There were 5 people in the newsroom. It was exactly 8 am. The pitch meeting ended as quickly as it started – ideas discussed vied for and eventually allocated. Sure, most of these details are insignificant. But I remember this 2018 meeting clearly because it was the first of many instances where I was the only woman and person of color in the room.
It was in one of these newsrooms that a co-worker turned to me once and asked how he should pronounce Benjamin Netanyahu. I did not know. I found out the same way he could have – by googling it. When I worked in a TV newsroom, I covered the devastating Indonesian tsunami in 2018, earning myself the nickname, ‘tsunami girl’, or was assigned a different international story. A young man was always asked to cover sports, even though I had considerable experience covering the subject. The experience in question was an internship in the sports department of a print newspaper, where I was casually asked to go ‘cook for the newsroom’. It was immediately played off as a joke.
I’ve heard worse stories from my friends and colleagues. But as a woman, particularly of Bangladeshi heritage, the subliminal message I received was, ‘be eternally grateful’. Be grateful you’re studying abroad; be grateful you have no obvious financial difficulties; be grateful you’ve received an English medium education so you can compete up with the natives of a primarily white country. Be grateful, above else, for even being in the room.
Being in the room isn’t enough. Yes, I’m in the room. But I’m covering neo-natal medical malpractice in Bangladesh; #MeToo in Saudi Arabia; going to the Rohingya camps and try to understand what happens to women after the ethnic cleansing of such magnitude. And even though all these stories are interesting, complex, and newsworthy, time and time again I was asked to remove massive chunks of the history, background or facts, by being asked to ‘contextualize’ my stories for an Australian audience. And it never made sense to me.
As of the press, we have the power to shape what stories and how stories are told. And it’s in the public’s best interest to see as many perspectives, points-of-views, and stories on the news. This is the only way to make an informed decision about what to believe in. Yet, the public is denied this for the most part. The stories primarily being told are from a very white, very male, and very Western perspective. And why wouldn’t they be? 77 % of all newsroom workers are white and 61 % are male, according to the 2012-2016 analysis by the Pew Research Centre.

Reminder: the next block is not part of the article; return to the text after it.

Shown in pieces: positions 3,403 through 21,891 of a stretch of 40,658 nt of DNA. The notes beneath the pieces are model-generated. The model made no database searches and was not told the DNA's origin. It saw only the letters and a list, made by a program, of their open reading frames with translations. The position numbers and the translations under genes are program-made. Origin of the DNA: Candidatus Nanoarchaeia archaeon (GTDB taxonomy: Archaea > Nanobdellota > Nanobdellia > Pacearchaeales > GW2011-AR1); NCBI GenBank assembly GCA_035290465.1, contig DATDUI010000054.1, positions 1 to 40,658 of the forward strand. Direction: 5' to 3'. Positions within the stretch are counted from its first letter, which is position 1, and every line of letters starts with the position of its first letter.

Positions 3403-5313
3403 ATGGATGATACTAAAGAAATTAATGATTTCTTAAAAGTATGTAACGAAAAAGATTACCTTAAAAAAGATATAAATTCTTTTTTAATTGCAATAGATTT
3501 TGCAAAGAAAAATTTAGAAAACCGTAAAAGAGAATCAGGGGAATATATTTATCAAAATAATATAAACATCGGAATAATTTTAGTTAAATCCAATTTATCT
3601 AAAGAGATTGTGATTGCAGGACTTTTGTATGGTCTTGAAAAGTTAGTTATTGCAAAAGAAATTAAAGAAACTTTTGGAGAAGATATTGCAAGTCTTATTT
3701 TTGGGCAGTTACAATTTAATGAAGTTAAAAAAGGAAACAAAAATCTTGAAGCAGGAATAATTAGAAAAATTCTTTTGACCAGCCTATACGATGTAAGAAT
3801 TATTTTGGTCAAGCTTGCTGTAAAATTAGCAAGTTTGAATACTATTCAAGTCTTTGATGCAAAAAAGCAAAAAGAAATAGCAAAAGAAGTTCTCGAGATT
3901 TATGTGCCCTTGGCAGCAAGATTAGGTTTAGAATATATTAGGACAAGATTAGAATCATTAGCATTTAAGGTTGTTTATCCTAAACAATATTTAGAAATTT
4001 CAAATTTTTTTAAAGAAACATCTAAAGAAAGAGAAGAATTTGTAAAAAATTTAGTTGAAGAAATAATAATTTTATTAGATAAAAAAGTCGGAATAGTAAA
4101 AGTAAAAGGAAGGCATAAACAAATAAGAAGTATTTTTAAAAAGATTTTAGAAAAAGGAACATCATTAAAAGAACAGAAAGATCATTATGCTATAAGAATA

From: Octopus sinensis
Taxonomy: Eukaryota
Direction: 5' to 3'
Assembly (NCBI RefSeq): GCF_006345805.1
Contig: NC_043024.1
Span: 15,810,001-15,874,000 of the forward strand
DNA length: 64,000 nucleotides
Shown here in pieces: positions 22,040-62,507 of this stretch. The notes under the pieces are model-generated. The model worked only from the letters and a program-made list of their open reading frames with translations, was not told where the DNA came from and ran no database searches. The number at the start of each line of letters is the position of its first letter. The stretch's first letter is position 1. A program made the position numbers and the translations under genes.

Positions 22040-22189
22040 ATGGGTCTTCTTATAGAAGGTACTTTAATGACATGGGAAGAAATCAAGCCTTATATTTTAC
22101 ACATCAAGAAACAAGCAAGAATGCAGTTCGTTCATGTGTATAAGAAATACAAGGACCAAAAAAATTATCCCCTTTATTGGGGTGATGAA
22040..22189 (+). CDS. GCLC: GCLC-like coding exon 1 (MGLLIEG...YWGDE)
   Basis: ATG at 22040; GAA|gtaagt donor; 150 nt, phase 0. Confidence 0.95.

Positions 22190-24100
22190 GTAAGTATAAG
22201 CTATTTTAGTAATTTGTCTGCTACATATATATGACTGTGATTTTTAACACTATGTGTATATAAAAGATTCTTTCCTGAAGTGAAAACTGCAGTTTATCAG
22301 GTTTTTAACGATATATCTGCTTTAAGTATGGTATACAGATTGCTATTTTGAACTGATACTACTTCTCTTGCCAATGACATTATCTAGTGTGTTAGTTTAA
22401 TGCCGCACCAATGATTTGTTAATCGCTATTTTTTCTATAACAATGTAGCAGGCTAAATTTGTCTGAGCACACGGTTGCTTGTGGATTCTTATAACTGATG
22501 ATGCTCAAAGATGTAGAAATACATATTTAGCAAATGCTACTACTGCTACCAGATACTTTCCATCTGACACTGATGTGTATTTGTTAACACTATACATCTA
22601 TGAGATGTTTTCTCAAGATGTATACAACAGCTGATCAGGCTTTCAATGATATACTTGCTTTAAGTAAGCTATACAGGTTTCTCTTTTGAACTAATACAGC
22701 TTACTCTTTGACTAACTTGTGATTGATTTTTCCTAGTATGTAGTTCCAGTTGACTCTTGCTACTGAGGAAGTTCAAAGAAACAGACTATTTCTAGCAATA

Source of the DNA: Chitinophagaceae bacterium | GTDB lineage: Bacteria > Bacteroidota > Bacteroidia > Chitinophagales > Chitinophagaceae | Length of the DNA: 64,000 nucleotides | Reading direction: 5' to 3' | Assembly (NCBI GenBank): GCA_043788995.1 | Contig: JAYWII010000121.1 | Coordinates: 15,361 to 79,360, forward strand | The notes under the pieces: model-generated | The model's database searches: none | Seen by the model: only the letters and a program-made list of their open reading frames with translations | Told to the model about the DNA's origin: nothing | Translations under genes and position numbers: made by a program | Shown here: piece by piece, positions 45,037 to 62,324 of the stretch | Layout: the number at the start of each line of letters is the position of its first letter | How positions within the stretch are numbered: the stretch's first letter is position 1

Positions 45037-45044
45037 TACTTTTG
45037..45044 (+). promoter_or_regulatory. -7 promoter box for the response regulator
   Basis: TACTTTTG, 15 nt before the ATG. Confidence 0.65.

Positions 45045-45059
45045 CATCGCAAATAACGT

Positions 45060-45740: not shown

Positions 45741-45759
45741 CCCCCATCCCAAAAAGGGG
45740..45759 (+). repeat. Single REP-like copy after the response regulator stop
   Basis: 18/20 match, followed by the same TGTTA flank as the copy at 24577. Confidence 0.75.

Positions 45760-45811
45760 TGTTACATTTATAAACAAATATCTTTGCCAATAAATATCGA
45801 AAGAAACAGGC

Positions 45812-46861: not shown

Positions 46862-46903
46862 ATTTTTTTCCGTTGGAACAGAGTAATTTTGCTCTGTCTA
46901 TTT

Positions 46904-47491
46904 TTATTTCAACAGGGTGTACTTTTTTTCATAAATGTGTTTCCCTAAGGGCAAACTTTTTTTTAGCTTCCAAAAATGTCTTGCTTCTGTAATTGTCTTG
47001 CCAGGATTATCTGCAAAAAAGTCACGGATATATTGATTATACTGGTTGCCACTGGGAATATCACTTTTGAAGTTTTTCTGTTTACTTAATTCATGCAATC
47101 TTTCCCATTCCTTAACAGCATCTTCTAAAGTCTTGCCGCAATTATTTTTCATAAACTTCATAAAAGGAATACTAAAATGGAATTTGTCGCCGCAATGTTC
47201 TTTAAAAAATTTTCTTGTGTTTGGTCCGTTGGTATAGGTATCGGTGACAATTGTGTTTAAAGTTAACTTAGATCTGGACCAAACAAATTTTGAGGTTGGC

Only about 16 % of the media editors are female. And in higher education, it’s worse. During my 3 years at university, I did not have a single woman of color teaching me. I did not see myself in my faculty. I did not see myself in my workplace. And so, I couldn’t imagine myself ever being in those positions. I couldn’t see myself as a leader. I’d accepted it then. But looking back on it now, makes me realize how damaging it’s been to my psyche.
But it’s not all doom and gloom. 80 % of the students I graduated in 2019 were women. Around 69 % of us completed a Bachelor of Journalism with distinction. The pattern persists in graduate-level studies as well. For example, 75 % of the admitted M.S. class of 2020-2021 at Columbia’s Graduate School of Journalism is female. These are all encouraging numbers. More women are enrolled in and currently studying journalism than ever before in history. More of us will eventually work as journalists, producers, and editors. I myself want to become an editor at the New York Times. I don’t know if it will ever happen. But I know I have to try. And that’s certainly something to be hopeful about, isn’t it?
About the writer:
Norma Hilton is a journalist based in Brisbane, Australia. Her work has been published across tv, radio, print and online media in Bangladesh and Australia.